The Apostle Paul spoke to the Corinthians on the importance of speaking the truth in love. “If I speak in the tongues of mortals and of angels, but do not have love, I am a noisy gong or a clanging cymbal. And if I have prophetic powers, and understand all mysteries and all knowledge, and if I have all faith, so as to remove mountains, but do not have love, I am nothing.” (1 Corinthians13:1-2).

In order to serve God in excellence and model good ministry manners, we must be willing to greet others, speak the truth in love, and let our speech always be gracious.

So, would somebody please pass the salt?

C. Lynn Brinkley serves as the director of student services and alumni relations at Campbell University Divinity School in Buies Creek, North Carolina. Lynn is also an adjunct professor at Campbell and an ordained minister at First Baptist Church in Clinton.

My People by Jenny Hodge

“Who are your people?” is a question I am often asked here, in the Deep South. It is a way of establishing a connection–you never know, we might be fifth cousins twice removed. This is also a very important question as a single woman in the South, because given the lack of a spouse or children, family connections give others a sense of my place in the world. Unfortunately, in the past few years, “Who are your people” has become a difficult question for me to answer without feeling like I’m lying or creatively telling the truth. As a strong and independent woman, “my people” do not want me.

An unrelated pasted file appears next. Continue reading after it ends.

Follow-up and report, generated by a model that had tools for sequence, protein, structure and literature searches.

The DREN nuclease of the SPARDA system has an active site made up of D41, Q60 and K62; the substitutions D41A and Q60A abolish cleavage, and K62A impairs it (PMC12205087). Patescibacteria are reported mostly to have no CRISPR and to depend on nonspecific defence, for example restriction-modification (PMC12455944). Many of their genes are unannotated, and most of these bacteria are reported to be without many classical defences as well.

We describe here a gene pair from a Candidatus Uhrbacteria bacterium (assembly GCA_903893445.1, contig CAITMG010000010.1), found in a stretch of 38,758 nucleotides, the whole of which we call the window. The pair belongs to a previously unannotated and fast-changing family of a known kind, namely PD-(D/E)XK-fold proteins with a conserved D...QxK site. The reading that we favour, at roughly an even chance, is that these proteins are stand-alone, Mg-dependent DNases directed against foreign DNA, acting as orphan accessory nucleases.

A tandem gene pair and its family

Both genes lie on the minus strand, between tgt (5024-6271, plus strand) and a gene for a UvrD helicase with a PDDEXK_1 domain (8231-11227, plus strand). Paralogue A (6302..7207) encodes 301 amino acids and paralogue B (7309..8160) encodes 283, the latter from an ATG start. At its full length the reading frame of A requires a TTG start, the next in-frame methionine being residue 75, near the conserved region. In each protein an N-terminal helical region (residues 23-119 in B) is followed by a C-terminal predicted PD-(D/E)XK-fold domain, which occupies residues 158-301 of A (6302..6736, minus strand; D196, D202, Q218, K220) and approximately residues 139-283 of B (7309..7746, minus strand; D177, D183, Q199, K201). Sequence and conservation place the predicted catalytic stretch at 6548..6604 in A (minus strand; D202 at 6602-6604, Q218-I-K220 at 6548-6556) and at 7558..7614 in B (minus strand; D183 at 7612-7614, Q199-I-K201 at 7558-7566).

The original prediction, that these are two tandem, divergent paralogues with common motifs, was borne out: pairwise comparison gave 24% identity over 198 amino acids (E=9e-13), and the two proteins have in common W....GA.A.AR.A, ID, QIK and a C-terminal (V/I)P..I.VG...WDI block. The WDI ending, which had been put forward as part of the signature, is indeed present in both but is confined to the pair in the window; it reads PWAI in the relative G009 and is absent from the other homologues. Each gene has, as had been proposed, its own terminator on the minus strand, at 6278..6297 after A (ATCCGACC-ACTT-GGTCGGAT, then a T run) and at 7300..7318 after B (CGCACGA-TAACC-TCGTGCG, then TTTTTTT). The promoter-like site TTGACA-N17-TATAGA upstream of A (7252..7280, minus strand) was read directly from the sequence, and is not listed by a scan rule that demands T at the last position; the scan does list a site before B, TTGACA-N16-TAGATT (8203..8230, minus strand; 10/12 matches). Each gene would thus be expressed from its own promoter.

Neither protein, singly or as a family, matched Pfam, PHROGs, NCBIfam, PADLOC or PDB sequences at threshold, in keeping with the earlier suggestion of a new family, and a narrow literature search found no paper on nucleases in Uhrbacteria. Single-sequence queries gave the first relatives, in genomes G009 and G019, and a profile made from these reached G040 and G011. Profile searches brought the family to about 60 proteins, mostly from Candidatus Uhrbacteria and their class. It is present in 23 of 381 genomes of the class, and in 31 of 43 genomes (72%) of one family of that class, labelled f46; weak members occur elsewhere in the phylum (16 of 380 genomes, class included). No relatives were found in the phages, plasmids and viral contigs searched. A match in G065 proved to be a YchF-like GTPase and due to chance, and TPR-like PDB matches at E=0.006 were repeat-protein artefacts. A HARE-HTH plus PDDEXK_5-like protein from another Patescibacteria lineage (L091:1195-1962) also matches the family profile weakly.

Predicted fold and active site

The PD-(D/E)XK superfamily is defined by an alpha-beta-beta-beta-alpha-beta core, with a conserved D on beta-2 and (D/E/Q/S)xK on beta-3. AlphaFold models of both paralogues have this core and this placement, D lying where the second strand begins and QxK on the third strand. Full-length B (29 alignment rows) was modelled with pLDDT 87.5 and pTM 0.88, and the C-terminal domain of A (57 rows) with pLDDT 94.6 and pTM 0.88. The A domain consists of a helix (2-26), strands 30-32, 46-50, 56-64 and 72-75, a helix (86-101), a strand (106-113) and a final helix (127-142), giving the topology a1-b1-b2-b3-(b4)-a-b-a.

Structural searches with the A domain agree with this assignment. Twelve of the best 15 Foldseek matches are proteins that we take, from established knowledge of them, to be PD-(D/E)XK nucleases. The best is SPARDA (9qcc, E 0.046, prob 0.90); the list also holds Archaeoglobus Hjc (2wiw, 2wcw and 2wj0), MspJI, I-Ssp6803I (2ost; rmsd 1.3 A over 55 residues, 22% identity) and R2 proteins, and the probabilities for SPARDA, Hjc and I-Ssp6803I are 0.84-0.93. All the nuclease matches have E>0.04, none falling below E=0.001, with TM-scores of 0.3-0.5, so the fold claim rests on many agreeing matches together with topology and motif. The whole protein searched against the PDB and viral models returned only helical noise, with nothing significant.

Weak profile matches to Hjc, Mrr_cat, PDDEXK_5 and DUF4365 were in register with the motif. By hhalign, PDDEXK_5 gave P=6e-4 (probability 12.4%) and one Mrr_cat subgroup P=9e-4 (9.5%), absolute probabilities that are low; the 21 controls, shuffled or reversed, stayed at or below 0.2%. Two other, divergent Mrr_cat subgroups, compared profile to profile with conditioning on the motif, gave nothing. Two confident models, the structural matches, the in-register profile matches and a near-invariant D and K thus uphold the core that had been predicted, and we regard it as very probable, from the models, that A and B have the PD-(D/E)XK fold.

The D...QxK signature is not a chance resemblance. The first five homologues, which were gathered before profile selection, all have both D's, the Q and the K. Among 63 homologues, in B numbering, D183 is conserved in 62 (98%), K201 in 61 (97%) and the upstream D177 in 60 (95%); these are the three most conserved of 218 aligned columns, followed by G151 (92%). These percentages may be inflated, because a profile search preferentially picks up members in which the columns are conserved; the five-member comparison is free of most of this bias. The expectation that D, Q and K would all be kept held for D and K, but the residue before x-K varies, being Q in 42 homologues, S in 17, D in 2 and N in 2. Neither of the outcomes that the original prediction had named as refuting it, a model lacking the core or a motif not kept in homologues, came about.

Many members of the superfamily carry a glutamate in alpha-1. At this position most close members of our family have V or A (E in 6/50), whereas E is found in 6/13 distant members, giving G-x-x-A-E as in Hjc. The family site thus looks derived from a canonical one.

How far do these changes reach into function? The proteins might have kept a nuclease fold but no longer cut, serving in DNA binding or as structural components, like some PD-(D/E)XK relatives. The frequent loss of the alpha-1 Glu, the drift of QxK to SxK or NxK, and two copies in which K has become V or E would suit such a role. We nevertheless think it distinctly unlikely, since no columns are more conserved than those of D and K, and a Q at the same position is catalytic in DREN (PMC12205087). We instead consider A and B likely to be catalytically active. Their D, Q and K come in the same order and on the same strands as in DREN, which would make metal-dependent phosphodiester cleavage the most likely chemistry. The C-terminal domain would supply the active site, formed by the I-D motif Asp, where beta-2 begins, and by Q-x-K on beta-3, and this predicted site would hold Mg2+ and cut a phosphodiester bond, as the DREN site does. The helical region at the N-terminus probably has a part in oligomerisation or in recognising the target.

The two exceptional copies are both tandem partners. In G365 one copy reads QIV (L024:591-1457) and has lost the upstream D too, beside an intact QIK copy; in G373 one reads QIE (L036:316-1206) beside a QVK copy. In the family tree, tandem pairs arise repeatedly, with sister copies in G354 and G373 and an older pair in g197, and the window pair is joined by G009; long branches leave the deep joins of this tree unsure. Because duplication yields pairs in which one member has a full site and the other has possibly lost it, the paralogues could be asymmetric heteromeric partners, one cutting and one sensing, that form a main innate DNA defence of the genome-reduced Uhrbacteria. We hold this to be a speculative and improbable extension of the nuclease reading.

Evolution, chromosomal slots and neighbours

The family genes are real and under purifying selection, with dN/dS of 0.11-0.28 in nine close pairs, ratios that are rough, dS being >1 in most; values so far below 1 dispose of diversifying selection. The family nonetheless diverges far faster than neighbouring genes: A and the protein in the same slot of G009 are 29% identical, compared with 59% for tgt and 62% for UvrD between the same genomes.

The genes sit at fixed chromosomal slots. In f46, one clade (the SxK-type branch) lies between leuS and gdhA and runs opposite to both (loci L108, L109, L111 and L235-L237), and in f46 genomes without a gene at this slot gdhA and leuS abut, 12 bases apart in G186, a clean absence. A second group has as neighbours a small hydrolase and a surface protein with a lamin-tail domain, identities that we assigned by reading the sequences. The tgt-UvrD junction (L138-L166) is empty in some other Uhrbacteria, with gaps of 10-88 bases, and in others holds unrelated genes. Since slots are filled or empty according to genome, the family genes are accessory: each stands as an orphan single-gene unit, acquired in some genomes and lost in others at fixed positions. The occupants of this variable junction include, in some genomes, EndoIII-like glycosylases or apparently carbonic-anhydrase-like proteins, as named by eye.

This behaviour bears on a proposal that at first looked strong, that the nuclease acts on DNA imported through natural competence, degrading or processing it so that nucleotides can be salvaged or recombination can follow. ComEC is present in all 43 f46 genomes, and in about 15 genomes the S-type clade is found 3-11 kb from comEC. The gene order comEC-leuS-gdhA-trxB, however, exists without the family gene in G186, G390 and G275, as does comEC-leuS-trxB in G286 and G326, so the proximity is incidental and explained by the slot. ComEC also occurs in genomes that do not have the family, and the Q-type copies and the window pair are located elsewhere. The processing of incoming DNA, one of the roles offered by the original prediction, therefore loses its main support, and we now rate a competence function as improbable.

I am estranged from a majority of my family, both immediate and extended. The estrangement was caused by a generational cycle of abuse and domestic violence. As both a minister and social worker, I pushed back against the cycle. My sister and I were experiencing the damaging consequences of the family violence, and it needed to stop. We begged. We prayed. We tried to cultivate healthier relationships, but we were rejected and pushed from the family.

In her blog, E-Stranged, Fiona McColl writes that family estrangement is a disruption of familial attachments. In her experience, estrangement from one’s family system occurs for a multitude of reasons but is often treated as a “dirty secret . . . we cannot speak openly for fear of judgment or misunderstanding.” She contends that estrangement often produces feelings of shame that may further prevent an individual from believing they are free to share their lived experience with others.